I had a chance last night to meet up with a whole bunch of great local coaches – all the way from those with decades of experience, to those who haven’t printed up business cards yet.

NoCoCoaches

I got into a wonderful conversation that got me thinking about how people talk about their target customers.

When I ask people about who they want to sell to, the most common answers are:

  • “Anybody who wants to give me money”
  • “The people who really need my product or service”

The problem is that even though each of these statements is true, it doesn’t really help your marketing efforts very much.  If the only distinguishing fact about customers is that they need your product, then … all you can do is describe the general benefits of your product.  And if it’s only about people wanting to give you money, then just go start begging.  Don’t worry about a product at all.

It goes nowhere.

Of course, consultants will tell you that you need to target a demographic.  Typically this would mean your customers’ age, gender, physical location, and other general descriptors.  It’s a starting point, but rarely gets you to the point of explaining why a particular person would be motivated to buy what you’re selling.  But demographics are popular because they’re easy to measure and have been used since at least the 19th century.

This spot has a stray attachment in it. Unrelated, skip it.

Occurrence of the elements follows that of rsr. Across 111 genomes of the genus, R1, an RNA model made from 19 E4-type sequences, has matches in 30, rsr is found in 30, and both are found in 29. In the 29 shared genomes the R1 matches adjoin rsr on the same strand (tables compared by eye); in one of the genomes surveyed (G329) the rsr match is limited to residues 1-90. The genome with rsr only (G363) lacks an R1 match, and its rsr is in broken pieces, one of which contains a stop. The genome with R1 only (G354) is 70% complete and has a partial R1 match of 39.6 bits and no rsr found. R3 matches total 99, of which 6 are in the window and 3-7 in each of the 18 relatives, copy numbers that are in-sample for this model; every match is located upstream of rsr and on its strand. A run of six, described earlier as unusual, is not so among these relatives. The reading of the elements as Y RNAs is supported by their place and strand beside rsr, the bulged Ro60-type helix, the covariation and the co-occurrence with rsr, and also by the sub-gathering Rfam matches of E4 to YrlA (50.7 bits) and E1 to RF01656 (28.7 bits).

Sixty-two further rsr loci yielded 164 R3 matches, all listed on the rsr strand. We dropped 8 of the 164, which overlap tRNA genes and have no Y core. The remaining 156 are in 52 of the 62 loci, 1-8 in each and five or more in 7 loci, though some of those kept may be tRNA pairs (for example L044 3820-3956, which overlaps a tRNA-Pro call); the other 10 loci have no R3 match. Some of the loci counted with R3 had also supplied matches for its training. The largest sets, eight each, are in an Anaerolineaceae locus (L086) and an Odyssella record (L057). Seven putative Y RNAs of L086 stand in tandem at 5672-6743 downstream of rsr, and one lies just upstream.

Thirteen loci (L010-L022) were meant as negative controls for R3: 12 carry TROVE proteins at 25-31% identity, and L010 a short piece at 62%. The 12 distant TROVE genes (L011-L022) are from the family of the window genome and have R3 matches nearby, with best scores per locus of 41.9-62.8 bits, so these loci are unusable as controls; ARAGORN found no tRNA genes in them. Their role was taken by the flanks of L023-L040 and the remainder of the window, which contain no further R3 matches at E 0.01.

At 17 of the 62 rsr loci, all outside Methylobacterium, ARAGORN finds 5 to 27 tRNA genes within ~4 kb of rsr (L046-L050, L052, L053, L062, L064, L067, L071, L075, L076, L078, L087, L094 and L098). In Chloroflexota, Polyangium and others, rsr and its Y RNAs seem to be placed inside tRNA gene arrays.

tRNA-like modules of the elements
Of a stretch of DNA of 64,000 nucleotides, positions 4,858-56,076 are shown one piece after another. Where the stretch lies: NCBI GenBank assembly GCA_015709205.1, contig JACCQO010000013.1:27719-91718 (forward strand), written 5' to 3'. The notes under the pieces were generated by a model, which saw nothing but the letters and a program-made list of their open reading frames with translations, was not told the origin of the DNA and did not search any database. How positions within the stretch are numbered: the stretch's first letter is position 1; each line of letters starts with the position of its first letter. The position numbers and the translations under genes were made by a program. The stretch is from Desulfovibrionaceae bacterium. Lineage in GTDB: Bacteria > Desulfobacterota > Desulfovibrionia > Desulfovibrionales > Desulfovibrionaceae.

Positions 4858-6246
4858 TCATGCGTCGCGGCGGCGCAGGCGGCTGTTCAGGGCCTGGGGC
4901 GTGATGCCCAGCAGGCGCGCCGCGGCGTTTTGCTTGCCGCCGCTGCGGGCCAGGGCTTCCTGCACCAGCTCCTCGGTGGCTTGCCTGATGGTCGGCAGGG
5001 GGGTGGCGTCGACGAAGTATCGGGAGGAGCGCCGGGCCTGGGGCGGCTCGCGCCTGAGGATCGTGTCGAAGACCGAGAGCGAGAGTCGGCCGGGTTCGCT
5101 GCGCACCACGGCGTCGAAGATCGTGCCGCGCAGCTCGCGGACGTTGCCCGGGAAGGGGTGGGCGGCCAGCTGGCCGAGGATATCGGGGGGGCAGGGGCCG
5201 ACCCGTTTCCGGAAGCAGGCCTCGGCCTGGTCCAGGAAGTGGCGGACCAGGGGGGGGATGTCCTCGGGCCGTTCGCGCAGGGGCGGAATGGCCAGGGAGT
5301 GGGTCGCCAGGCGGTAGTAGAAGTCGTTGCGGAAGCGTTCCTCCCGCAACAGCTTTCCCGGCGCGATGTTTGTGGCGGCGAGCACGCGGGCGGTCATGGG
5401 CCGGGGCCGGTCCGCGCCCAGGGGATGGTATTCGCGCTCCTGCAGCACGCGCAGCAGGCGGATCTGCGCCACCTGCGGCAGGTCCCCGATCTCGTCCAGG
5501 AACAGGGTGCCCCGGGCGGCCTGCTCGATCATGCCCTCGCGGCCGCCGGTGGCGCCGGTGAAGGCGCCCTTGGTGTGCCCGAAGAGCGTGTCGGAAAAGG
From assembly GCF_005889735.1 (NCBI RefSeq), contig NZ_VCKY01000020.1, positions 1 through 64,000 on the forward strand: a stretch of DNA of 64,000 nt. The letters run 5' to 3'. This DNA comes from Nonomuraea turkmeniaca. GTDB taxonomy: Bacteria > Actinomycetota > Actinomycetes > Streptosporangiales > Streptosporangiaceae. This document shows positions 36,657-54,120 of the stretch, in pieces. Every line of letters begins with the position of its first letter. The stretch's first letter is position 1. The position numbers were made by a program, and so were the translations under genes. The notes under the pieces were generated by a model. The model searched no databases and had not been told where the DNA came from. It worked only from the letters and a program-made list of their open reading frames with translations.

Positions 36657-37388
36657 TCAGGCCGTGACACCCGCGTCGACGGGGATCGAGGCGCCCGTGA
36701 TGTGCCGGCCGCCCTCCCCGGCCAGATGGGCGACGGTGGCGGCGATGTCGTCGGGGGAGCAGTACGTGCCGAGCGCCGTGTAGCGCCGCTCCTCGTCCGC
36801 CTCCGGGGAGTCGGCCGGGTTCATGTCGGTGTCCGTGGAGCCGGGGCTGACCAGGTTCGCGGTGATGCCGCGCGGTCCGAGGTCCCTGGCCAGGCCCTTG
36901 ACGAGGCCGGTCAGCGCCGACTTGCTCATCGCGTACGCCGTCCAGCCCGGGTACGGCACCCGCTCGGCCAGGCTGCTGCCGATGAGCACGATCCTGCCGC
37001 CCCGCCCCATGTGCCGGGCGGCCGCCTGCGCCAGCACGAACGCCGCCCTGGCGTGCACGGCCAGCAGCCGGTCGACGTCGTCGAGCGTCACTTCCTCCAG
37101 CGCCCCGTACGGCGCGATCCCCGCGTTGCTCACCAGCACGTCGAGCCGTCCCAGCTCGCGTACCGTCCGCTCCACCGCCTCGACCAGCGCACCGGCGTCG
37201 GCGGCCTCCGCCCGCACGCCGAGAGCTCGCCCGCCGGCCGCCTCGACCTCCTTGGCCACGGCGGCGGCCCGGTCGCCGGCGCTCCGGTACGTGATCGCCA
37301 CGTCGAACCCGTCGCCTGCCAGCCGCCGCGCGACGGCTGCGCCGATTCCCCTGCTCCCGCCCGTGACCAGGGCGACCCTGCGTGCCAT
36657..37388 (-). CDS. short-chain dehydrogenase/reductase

What you really want to capture, though, is what makes a particular product or service compelling for a particular person.  By compelling, I mean that it causes them to want to make the purchase.

We’re talking about individuals and small groups here, not broad swaths of the population.

But you want to sell to thousands or millions of people, right?  How does this help?  Well, it causes you to communicate a very powerful and compelling message for that small group, which then influences larger groups of people.  You’re describing your ideal customer, both in characteristics, and in what motivates them to buy.

There will typically be a much broader range of similar target customers, who hear your message as well.  They won’t exactly be awestruck, perhaps, but they’ll be impressed with the power of your message.  Some of them will become customers, and like what you sell them.

Don’t be afraid to get specific.  It’s not about “throwing away” the other 98% of the population, it’s about creating a powerful message which really makes a difference.

 

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